Devices to accomplish delivery methods during inhalation that are described above may include a delivery unit comprising a nasal interface (such as a nasal mask or nasal insert prongs) for fitting to a nostril of a subject, a source of breathable gas, and a nitric oxide containing source, and a control unit for delivering the gas. NO containing gas source may be a pressurized cylinder containing NO containing gas. After being optionally adjusted for delivery concentrations and pressure, the NO containing gas passes through tubing to a flow control valve. The flow control valve, which preferably is electronically controlled by the control unit, controls injection or addition of the NO containing gas into the gas stream flowing from the source of breathable gas to the nasal interface fitting into the nostril of a subject. The patient is allowed to nasally inhale and exhale this air from the air source, subject to the timed injection of the NO containing gas upon inhalation.
Upon timing with the patient's breathing or at a measured volume of the inspiration profile, the flow control valve opens and a jet of NO containing gas is added to breathable gas stream to be included as part of an inhalation.
The device may further include NO and NO2 analyzers, that are well known in the art, to monitor the concentration of nitric oxide or nitrogen dioxide. Other safety devices known in the art such as NO2 scavengers for exhaled gas may also be incorporated into the delivery devices described herein.
The NO containing gas may be dosed in several ways to supply a therapeutic amount. By the term “therapeutic amount” is meant, for purposes of the specification and claims, to refer an amount sufficient to kill or inhibit microorganisms in the upper respiratory tract. A flowrate of about 1 liter per minute of about 160 ppm nitric oxide to about 400 ppm nitric oxide may effectively decontaminate the upper respiratory tract of a subject. Therefore, about 1 liter per minute of about 160 ppm nitric oxide to about 400 ppm nitric oxide may be delivered to patients. Additionally, delivered gases having a slightly higher nitric oxide concentration, such as about 175 ppm to about 440 ppm, may be delivered to patients. These slightly higher concentrations account for dilution with breathable gas as explained above in the inhalation methods. Other suitable parameters for delivery, dosage, or NO exposure may be found in U.S. Pat. Nos. 6,793,644 and 6,432,077. In any delivery method, NO containing gas may be by bolus injection, or by pulse injection, systematically, for a period of time. Such suitable exposure times may be, for example, about 3 minutes to about 60 minutes of total NO exposure time.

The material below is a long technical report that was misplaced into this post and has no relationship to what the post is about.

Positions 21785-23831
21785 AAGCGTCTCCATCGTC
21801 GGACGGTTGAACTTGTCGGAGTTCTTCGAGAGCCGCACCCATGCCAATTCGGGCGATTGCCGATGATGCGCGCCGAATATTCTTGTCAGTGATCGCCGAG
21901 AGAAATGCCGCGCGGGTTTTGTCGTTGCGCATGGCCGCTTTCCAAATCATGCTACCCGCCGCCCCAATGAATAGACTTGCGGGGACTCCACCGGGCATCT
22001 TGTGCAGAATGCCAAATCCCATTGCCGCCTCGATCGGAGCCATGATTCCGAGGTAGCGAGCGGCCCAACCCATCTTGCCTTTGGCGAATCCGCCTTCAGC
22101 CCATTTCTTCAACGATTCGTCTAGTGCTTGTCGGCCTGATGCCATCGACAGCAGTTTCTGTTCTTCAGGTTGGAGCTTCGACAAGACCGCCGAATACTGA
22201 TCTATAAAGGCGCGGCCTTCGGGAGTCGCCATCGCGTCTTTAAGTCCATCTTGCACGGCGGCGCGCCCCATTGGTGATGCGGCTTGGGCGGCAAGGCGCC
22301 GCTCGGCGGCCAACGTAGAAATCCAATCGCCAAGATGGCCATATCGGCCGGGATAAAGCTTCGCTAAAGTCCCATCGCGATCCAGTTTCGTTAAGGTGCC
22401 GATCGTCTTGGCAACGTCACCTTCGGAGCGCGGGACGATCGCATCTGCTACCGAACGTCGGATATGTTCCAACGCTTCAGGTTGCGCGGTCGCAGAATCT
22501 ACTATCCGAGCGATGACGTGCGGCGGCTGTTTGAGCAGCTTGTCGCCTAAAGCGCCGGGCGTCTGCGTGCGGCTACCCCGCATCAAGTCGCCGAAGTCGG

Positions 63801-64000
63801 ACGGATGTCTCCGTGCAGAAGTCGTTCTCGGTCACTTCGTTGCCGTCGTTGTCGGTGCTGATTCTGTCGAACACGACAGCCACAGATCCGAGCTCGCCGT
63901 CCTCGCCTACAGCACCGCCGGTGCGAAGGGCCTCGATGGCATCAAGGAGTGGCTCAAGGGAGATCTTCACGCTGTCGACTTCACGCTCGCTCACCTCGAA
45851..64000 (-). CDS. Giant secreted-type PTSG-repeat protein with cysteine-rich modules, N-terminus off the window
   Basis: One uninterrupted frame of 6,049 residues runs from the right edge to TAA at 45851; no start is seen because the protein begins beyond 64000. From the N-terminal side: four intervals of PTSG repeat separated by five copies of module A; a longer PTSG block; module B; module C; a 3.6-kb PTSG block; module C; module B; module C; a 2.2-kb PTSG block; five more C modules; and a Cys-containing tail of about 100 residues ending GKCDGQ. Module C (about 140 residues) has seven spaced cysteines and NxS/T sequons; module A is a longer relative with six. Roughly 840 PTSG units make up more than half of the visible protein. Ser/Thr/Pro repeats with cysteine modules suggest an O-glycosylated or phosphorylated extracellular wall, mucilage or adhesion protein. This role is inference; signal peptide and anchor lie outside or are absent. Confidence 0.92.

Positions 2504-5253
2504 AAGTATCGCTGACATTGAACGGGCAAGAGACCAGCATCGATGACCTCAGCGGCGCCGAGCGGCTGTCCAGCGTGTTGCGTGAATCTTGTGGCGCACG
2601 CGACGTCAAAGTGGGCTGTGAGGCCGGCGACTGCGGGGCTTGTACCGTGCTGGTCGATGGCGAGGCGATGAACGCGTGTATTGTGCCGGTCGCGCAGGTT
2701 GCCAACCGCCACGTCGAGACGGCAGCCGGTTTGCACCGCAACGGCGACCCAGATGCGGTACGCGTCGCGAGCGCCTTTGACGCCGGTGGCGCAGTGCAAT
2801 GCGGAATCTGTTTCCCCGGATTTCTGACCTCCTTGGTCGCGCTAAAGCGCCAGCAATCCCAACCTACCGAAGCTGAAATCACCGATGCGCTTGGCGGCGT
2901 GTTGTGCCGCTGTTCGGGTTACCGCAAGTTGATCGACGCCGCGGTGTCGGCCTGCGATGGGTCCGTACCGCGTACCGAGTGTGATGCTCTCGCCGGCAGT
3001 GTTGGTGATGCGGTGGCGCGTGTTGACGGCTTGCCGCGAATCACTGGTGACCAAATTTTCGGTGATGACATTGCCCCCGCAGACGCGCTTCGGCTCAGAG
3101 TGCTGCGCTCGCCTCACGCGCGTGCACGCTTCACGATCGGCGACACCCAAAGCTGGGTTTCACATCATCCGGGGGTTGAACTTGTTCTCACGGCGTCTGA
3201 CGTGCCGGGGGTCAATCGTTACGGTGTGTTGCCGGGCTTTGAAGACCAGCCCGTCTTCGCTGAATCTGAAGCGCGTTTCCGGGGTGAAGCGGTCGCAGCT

The delivery of a NO containing gas nasally to an upper respiratory area of a mammal may topically decontaminate the upper respiratory tract of microorganisms, such as viruses, bacteria, mycobateria, parasites, and fungi. This decontamination may be an effective treatment of nasopharyngeal infections and upper respiratory infections. While the delivery of the NO containing gas is isolated to the upper respiratory system including the nasopharynx, the decontamination of the upper respiratory tract of microorganisms greatly reduces risk of the spreading of infection to the lower respiratory tract and provides a preventative treatment of the respiratory system as a whole, including the lungs.
The dominant mechanism(s) whereby NO, known to be produced in response to stimulation of the calcium-independent inducible nitric oxide synthase, results in intracellular killing of mycobacteria has been described in U.S. patent application Ser. No. 09/762,152